I'm fairly satisfied that I've made the majority of the changes firmware required to support the Joggler's panel but a big problem remains: The controller's clocking / PLL system just doesn't seem to be stable at the low pixel clock required for this panel (approx 33MHz).

More annoying still, if flashed with firmware for a 1024x768 panel with a pixel clock of 65MHz, then adjusted at run time with the same parameters, to run at 33MHz, it remains stable, regardless of running mode. This tells me there is some complex relationship between the display's geometry parameters and the PLL system, something that is not detailed in the datasheet.

Stranger still, this doesn't seem to be a problem I've introduced, all firmware images with pixel clocks under 60MHz have this problem which is making me wonder if there is some subtle hardware modification required on this board for smaller panels. Time will tell.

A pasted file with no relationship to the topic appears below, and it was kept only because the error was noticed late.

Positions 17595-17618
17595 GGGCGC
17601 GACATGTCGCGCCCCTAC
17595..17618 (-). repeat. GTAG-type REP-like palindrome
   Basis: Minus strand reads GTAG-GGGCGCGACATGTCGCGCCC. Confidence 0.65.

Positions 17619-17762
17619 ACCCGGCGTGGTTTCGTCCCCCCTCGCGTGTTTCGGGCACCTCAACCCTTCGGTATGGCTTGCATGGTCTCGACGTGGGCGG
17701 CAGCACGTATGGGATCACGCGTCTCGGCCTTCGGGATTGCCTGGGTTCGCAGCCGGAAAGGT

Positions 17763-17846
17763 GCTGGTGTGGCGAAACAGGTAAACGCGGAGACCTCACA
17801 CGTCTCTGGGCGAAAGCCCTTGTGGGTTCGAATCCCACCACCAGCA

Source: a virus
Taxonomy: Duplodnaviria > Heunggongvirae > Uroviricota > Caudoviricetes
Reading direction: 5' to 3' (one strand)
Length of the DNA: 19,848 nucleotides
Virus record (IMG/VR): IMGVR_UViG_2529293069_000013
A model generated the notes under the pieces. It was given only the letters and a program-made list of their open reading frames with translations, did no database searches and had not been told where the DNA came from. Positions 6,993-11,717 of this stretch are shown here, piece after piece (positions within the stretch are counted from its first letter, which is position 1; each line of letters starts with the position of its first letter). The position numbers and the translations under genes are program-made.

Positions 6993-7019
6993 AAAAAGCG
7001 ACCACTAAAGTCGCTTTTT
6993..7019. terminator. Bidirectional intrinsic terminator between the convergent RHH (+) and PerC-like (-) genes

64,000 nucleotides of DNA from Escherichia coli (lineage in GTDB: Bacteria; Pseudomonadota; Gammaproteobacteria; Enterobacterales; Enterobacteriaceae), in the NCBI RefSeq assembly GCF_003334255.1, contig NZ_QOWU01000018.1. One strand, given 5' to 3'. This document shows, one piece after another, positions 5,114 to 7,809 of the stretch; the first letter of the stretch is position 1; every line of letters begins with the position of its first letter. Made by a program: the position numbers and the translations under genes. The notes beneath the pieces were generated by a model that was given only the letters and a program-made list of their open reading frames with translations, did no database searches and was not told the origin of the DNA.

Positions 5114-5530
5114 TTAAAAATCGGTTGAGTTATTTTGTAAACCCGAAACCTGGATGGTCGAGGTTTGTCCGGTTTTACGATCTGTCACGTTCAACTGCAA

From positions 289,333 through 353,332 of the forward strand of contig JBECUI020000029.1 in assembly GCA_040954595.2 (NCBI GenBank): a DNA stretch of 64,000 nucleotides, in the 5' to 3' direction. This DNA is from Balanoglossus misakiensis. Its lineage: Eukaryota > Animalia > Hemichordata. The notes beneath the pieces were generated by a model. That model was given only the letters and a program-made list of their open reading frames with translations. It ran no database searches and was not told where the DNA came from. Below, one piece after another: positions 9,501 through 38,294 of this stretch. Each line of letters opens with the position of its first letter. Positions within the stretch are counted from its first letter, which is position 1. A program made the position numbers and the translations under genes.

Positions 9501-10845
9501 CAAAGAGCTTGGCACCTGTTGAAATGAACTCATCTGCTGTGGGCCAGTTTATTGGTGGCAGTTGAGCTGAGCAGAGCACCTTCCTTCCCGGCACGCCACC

UPDATE (16/04/2012):

After almost a year of hacking the LCD Controller firmware, I finally have a picture on the Joggler's LQ070Y3LG4A LCD panel.

It's not perfect, but it's getting there!

UPDATE (06/05/2012):

I have this rig working with 800x480 input signal but I've got some pixel registration issues. I suspect I've got some kind of "off by 1" problem somewhere. Still working on it...

Lcdcontroller working.jpg

Lcdcontroller closeup.jpg

UPDATE (03/06/2012):

I've got it working good with DVI Input.

Remaining tasks:

  • Disable Dithering (Not needed on 24-bit Panel)
  • EDID is completely wrong (Currently reports self as 1280x800 panel or something silly)